My discussion of specific performance is a bit technical. Appellate courts typically only review what was decided in the underlying case. However, in this case, Glasscock's ruling/letter was at best partial. Therefore, I think the Delaware Sup. Ct. will look at more than just his ruling/letter in making their final decision in this case. Specifically, I'm suggesting they will look at the China/financial statement issue which, based on documents released to date, Glasscock did not appear to address in his original ruling/letter. This is the only way to decide the specific performance issue.
As regards the second issue, Apollo is arguing that as of Nov. 14th it can no longer specifically perform because CTB did not present F.S. (financial statements) for the 3Q to Apollo and creditors by the drop dead date for the financing agreement. CTB is arguing the reason for this problem stems from Apollo's actions and alternatively Apollo assumed the China risk in the merger agreement. CTB is also arguing there is alternative financing via the Bridge-to Bond facility.
The article, appears to support CTB's argument as regards Apollo's actions in China. It also helps CTB with the Court's overall impression of Apollo. Essentially, Apollo severally impaired CTB's China operations and, despite what Apollo states about still wanting to close, now wants to walk away from the consequences of the decisions referenced in the article.
Interesting article in Forbes on the Cooper/Chengshan blow up. The article, particularly the quote below, lays the responsibility for this problem directly in Apollo's lap. It appears Che after the first meeting expected a second meeting, with a specific discussion of compensation, prior to the close of the deal. That did not happen, at the direction of Apollo, and led to the financial statement standoff and operational standoff between CTB and Chengshan that exists to this date. Glasscock never really addressed this issue in his truncated letter/opinion in the underlying matter. To the extent the Sup. Ct. will entertain this issue, and I think they will because the lack of F.S. is Apollo's main defense to specific performance, this will be an issue of first impression for the Delaware Sup. Ct. which appears favorable to CTB.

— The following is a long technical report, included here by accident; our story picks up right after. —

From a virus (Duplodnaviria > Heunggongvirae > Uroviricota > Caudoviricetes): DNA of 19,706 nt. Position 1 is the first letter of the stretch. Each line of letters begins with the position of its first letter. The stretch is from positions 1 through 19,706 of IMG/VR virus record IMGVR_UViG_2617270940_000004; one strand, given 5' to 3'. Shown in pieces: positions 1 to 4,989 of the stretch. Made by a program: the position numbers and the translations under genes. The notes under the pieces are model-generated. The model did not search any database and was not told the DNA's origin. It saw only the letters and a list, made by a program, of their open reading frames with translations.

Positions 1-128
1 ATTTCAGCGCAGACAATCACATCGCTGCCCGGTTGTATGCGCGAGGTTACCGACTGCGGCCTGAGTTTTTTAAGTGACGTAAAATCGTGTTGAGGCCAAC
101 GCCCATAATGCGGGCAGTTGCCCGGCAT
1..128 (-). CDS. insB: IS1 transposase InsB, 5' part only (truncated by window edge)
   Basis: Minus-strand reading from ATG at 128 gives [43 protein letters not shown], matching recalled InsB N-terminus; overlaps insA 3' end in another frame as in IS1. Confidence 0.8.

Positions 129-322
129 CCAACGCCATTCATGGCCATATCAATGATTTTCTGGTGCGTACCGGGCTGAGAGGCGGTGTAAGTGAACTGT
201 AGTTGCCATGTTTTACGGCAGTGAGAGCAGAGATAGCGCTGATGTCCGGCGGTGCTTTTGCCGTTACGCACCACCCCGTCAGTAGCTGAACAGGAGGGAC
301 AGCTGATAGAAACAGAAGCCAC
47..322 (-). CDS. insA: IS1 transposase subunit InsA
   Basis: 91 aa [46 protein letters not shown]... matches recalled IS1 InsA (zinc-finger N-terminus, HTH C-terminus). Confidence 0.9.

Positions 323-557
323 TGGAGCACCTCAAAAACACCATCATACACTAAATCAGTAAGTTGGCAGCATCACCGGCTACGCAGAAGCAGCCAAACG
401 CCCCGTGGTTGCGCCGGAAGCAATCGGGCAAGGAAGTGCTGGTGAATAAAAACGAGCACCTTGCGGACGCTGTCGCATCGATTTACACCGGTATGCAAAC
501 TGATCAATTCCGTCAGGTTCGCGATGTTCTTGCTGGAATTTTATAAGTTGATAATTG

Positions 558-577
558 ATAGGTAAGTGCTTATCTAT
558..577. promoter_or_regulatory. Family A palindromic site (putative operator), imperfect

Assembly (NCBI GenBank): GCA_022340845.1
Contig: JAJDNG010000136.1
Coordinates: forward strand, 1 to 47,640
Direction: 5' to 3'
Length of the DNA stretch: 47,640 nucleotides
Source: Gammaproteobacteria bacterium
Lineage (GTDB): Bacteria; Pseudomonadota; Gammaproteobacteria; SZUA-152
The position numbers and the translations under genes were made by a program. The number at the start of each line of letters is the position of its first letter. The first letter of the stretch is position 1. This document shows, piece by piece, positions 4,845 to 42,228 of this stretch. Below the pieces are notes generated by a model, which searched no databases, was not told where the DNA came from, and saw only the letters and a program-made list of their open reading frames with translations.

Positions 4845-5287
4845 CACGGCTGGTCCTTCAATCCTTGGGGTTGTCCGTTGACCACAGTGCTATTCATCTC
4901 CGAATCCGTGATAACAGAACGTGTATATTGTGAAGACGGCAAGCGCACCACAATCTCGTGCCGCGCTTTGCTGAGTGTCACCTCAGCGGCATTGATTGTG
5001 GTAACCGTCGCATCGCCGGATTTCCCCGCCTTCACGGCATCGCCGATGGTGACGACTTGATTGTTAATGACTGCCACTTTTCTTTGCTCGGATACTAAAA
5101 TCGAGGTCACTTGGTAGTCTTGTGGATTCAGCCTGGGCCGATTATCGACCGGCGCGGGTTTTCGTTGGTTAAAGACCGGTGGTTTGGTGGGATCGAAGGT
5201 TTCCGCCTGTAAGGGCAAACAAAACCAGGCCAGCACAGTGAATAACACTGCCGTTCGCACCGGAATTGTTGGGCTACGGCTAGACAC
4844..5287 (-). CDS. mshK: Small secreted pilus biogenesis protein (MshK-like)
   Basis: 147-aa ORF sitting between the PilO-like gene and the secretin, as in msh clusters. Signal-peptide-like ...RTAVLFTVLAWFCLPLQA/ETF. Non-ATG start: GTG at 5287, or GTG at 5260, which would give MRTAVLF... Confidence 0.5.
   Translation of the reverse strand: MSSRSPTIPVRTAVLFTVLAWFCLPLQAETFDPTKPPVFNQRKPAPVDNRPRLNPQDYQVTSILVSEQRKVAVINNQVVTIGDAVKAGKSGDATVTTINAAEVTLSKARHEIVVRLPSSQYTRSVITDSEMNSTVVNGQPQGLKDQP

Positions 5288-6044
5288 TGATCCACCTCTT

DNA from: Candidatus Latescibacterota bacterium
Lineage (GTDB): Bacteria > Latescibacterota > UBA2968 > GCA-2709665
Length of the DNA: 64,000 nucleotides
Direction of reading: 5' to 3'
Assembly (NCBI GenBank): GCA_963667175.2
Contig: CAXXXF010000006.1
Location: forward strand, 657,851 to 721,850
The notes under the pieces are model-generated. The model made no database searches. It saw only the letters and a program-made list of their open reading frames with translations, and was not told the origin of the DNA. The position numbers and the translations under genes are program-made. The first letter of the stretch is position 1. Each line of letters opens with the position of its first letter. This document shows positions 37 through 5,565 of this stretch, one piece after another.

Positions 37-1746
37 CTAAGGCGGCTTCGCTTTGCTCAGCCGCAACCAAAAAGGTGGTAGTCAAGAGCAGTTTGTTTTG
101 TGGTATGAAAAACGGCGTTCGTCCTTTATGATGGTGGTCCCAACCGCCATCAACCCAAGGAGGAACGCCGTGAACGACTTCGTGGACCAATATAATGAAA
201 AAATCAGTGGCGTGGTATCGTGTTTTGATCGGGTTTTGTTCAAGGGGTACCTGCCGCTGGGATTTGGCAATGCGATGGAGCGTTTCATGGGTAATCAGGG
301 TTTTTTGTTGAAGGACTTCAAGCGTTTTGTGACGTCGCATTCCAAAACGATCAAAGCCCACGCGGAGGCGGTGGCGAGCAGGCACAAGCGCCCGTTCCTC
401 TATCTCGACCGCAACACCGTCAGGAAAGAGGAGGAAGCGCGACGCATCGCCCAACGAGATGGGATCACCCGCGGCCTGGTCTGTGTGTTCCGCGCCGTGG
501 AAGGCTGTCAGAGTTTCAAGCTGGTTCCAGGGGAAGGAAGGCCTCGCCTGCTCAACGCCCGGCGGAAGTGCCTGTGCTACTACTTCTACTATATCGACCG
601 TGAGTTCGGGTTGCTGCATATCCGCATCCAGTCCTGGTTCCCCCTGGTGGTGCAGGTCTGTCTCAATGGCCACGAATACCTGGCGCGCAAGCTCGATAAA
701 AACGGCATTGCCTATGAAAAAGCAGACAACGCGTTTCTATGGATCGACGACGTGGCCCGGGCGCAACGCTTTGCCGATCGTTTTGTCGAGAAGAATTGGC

"In light of these developments, Apollo instructed Cooper to inform Chairman Che that Apollo wanted to meet with him again, but that Apollo would do so only after the closing in October. Apollo also instructed Cooper’s CEO to meet with Chairman Che and tell him that neither Cooper nor Apollo had anything of substance to offer him, other than wanting to help bridge the relationship between Apollo and the Chinese partner.."
Strong Nov. U.S. car sales and a down market in general. New cars and new tires on those cars are detrimental to CTB's U.S. replacement tire business. Until we near the 19th, CTB will likely trade on fundamentals unrelated to the litigation outcome.
Sorry, the formatting changed when I posted.
As regards Delaware Chancery, there were 3,525 trial court cases in 2002 and 55 resulted in appeal. Of the 55 appeals, 9 resulted in the appellate court reversing the trial court which is a 16.4% reversal rate. Only 1.6% of all cases were appealed.
The other data is for the U.S. Federal Ct system. It is only listed for comparison purposes.
There is not a lot of data on appeal success, but the study below was done in 2002 by the University of Illinois School of Law comparing Delaware Chancery with the Federal Courts. As the stats indicate, appeals are always an uphill battle. However, in this case, as discussed in my prior post, Glasscock's handling of the underlying case, likely improves the chances for reversal. Ballpark estimate 66% for Apollo/33% for CTB.
Delaware Chancery Federal Courts
in trial court 3,525 259,537
Appeals 55 17,659
Reversals 9 1,141
Reversal Rate % 16.4% 6.46%
Appeal Rate 1.6% 6.8%
Apollo does not have the finances, but its disclosed creditors do have the funds. CTB certainly made mistakes in this matter, but the financing arrangements are not one of them. The obligation to complete the agreement is not subject to financing. Also, in certain circumstances, CTB can compel Apollo to fully enforce the financing agreements, including require Apollo to bring suit against the proposed creditors. I suspect the court's grant of specific performance would be one of these circumstances.
This may require another round of litigation against proposed funders should CTB be granted specific performance, but the Delaware Sup. Ct. ruling certainly has consequences to both CTB and Apollo.
I'm not suggesting a new trial. Only pointing out the unusually circumstances of Glasscock's partial ruling without a formal opinion and his "tortured interpretation" of 6.3/6.12. I'd like to see the transcript also, but at least from press reports, it doesn't appear Glasscock even made many findings of fact. The picture that emerges is that Glasscock (the junior judge on the court) really didn't know what to do with this case and he willing punted to the Delaware Sup. Ct. My experience is the court will give some deference to the lower court if they are presented with a well-reasoned opinion. Best I can determine, that does not exist in this case.